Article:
4. A low velocity gas burner comprising a casing, a valved primary air inlet duct projected forwardly from the rear of the said casing, a tubular member forming a primary combustion chamber extended forwardly from adjacent the forward end of the said primary 'air duct, means forming a gas chamber in said casing around the wall of the said primary combustion chamber and communicating with said primary combustion chamber by means forming a gas inlet passage arranged to introduce gas at an angle to the axis of the said primary combustion chamber, a valved gas inlet duct in communication with said gas chamber in position to subject incoming gas to heat from the Wall of the said primary combustion chamber, the said primary combustion chamber being dimensioned for incomplete combustion therein of the combustible mixture composed of the said primary air and preheated gas introduced at the rear thereof, a nozzle arranged to deliver a fine jet of gaseous fluid adjacent tne forward end of said primary combustion chamber, means forming a combustion tunnel having a heat-radiating refractory wall arranged to receive expanding gases from the said primary combustion chamber and of cross-sectional area and length greater than that of the said primary combustion chamber to accommodate expansion of said gases, and a valved secondary air duct opening within the said casing and arranged to deliver secondary air to the said combustion tunnel around the expanding gases from the said primary combustion chamber.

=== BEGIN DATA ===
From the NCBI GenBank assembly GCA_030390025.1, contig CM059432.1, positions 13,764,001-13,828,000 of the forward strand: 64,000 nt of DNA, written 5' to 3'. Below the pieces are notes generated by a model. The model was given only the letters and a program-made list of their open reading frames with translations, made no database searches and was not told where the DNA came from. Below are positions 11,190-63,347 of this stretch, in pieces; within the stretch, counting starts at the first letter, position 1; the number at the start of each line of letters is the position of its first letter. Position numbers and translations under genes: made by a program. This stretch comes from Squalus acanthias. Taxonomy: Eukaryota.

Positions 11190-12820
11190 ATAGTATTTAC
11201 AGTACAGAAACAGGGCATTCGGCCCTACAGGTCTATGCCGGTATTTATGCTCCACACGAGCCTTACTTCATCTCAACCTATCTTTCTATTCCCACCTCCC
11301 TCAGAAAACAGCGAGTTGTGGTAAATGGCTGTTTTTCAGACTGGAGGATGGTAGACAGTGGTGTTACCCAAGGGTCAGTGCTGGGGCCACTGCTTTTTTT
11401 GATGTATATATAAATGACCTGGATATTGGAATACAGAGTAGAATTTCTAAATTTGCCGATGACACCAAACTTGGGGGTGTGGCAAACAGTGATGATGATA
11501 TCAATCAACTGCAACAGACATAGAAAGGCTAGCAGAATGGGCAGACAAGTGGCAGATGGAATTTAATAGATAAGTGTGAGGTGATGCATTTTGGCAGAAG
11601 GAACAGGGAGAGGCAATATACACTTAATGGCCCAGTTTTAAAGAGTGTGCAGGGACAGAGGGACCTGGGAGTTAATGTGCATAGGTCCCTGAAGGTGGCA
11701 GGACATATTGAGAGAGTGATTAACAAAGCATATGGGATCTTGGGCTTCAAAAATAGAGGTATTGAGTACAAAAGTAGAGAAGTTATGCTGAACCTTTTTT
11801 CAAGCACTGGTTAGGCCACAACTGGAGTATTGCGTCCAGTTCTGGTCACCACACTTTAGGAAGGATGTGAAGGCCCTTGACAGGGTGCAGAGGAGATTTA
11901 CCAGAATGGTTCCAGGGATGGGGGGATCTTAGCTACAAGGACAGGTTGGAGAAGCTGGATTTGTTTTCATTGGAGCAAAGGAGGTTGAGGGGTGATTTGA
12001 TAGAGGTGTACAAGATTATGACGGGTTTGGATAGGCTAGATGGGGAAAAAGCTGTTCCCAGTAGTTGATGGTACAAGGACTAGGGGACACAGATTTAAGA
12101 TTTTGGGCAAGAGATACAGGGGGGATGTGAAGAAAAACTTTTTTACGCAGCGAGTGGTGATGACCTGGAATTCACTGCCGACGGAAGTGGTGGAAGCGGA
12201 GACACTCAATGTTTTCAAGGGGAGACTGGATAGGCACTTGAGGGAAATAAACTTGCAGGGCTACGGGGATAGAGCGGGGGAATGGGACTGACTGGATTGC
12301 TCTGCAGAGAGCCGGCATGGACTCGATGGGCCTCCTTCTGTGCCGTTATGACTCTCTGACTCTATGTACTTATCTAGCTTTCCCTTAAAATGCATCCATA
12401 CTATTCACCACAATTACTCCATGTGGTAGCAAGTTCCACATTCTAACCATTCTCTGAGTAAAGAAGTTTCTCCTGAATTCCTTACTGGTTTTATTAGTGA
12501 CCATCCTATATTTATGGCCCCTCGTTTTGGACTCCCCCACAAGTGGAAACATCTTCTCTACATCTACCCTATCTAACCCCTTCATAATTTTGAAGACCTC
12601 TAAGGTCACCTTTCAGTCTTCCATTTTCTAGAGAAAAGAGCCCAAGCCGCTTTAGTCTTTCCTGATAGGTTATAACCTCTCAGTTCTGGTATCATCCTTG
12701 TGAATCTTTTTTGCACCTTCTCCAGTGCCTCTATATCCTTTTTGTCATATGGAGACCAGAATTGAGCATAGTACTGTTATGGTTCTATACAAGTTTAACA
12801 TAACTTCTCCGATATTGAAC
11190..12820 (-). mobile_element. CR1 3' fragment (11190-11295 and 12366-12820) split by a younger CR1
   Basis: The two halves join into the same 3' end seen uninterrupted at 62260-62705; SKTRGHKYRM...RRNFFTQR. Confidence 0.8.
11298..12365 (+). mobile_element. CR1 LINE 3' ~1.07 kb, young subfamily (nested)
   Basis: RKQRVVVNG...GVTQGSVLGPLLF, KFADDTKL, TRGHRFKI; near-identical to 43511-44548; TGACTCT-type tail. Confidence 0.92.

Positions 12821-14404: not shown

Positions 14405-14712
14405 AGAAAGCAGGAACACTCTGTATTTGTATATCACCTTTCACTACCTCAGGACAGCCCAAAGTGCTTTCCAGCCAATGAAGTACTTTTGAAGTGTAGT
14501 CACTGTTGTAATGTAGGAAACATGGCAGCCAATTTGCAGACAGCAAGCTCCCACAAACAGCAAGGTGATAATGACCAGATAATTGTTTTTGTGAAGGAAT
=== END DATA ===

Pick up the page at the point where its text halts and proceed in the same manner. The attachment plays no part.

5. A low velocity gas burner comprising a casing, a primary air inlet duct projected forwardly from the rear of the said casing, a tubular member forming a primary combustion chamber extended forwardly from adjacent the forward end of the said primary air duct, means forming a gas chamber in said casing around the wall of the said primary combustion chamber, means forming a gas inlet passage from the said gas chamber to the rearward end of the said primary combustion chamber arranged to introduce gas at an angle to the axis of said primary combustion chamber, a gas inlet duct in communication with said gas chamber in position to subject incoming gas to heat from the wall of the said primary combustion chamber, the said primary combustion chamber being dimensioned for incomplete combustion therein of the combustible mixture composed of the said primary air and preheated gas introduced at the rear thereof, means forming a combustion tunnel having a heat-radiating refractory wall arranged to receive expanding gases from the said primary combustion chamber and of cross-sectional area and length greater than that of the said primary combustion chamber to accommodate expansion of said gases, and a secondary air inlet duct opening within the said casing and arranged to deliver secondary air to the said combustion tunnel around the expanding gases from the said primary combustion chamber.